Will my right hon. Friend give a warm welcome to the announcement on Tuesday that producer price inflation is at the reduced level of 3.6 per cent? Does he agree that that figure, coupled with the figure for wage inflation which is also falling, means that British businesses can look forward to an excellent future in a highly competitive position vis-a-vis the rest of Europe, in which we shall be poised to improve on our present position?
My hon. Friend makes an important point, because producer price inflation is a good indicator of what we may expect in future for retail prices inflation. If we take out food, drink and tobacco, which were influenced by price increases in the Budget, producer output inflation was 2.7 per cent. in May, down from 5.4 per cent. a year earlier. That is the lowest rate of increase since June 1969. That is a very clear message and indicator of the way in which inflation pressure has abated in our economy. As my hon. Friend says, that bodes well for the future.
Is the target for inflation now 2 per cent., as the Chancellor says, or zero per cent., as the Prime Minister implies when he talks about stable prices? Does the Chancellor recognise the tendency of inflation to increase in the British economy when there is growth, or is he no longer worried about that now that the growth forecast has been revised from 1 per cent. to 0.5 per cent?
As the hon. Gentleman knows, we have said that our ambition is to get price stability. The hon. Gentleman may remember that we had a discussion about that in the Select Committee and said that, because of changes in the retail prices index, 2 per cent. was probably the equivalent of price stability because the index did not capture all goods and services that come on to the market. The hon. Gentleman is right to emphasise that we need to improve the working of the economy—the supply side—to ensure that we do not have a resurgence of inflation when growth is more firmly based.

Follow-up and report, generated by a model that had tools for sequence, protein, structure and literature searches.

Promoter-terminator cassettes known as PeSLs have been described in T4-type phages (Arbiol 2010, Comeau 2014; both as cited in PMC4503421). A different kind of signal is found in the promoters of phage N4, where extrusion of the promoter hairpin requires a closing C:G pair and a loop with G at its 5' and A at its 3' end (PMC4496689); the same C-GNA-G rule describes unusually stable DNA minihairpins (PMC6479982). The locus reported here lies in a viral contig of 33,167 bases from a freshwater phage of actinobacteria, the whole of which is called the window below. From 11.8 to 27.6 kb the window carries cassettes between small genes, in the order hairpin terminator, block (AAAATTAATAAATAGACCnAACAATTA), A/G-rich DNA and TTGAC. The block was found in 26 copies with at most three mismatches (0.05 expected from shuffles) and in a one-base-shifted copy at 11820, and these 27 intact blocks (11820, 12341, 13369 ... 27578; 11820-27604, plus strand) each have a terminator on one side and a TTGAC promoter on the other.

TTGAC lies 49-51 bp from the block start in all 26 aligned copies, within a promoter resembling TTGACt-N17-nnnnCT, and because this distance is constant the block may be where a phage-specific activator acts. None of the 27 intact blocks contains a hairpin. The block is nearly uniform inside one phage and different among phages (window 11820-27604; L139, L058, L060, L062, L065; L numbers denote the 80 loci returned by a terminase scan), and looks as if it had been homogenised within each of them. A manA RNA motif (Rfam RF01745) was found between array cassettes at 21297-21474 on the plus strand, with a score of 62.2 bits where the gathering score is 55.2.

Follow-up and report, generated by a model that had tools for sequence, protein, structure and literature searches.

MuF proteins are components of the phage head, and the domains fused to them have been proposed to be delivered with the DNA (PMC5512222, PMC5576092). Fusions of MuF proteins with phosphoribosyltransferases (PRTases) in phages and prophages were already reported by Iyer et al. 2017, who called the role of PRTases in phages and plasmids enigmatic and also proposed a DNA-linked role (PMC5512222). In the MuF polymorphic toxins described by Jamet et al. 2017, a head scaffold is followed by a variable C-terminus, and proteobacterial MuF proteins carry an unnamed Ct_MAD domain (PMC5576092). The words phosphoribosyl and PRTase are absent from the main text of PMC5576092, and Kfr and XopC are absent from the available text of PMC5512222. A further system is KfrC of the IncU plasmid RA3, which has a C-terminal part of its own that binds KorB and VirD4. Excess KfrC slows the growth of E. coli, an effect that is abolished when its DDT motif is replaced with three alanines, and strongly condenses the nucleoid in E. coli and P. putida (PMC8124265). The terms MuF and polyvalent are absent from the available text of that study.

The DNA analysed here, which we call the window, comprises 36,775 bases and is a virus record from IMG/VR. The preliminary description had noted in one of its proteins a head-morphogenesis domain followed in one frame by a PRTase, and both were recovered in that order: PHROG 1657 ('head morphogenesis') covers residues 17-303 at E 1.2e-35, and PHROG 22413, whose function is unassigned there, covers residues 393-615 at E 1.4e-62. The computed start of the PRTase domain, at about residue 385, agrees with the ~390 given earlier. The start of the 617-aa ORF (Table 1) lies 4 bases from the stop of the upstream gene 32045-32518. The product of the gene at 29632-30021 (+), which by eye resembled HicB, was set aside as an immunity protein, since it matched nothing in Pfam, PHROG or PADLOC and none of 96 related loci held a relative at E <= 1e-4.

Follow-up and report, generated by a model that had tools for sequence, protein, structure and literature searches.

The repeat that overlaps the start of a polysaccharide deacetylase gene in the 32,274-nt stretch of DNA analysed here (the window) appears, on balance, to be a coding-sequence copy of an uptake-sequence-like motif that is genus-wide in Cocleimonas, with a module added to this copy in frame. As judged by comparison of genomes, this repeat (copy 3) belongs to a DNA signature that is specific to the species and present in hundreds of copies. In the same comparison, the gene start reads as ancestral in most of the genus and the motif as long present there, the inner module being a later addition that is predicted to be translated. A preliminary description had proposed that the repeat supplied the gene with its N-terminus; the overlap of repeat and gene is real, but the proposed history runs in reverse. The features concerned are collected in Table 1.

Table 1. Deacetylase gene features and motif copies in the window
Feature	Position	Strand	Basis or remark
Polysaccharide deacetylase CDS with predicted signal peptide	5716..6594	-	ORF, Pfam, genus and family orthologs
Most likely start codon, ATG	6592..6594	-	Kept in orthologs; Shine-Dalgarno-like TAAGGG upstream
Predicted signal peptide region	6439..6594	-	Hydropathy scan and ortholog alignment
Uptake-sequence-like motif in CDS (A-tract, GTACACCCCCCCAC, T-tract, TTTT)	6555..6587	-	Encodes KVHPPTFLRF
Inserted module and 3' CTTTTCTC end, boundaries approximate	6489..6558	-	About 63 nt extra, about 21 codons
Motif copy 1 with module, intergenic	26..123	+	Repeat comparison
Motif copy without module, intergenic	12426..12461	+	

Does my right hon. Friend agree that success in bringing down inflation is a prerequisite of lower interest rates? There has been a welcome fall in wage increases in manufacturing industry. Does my right hon. Friend agree that we need a similar fall in wage settlements in the public and service sectors?
I entirely agree with my hon. Friend. It is extremely important that the public sector sets an example and that wage settlements in the public sector are based strictly on what is affordable and what is needed to recruit and retain people in the public service. We cannot go beyond that or we would be asking the private sector to bear the whole burden of adjustment, which would be extremely unfair and unwelcome.
Does the Chancellor accept that the underlying rate of inflation, which excludes mortgage interest—which he has favoured in the past over the retail prices index and which is a more appropriate comparison anyway—still shows us performing worse than Germany and worse than the European average? Even that has been purchased at a horrendous cost in terms of recession and unemployment.
The hon. Gentleman should make himself clear—[HON. MEMBERS: "He has."] No, he is contradicting himself. First he says that the underlying rate of inflation is too high and then he says that the policies to get it down are too painful. I have always made it clear that we want not only to get the headline rate down but to get the underlying rate of inflation down. That is coming down and the differential between our underlying rate, minus mortgage interest payments, vis-a-vis that of Germany has narrowed considerably in the past year.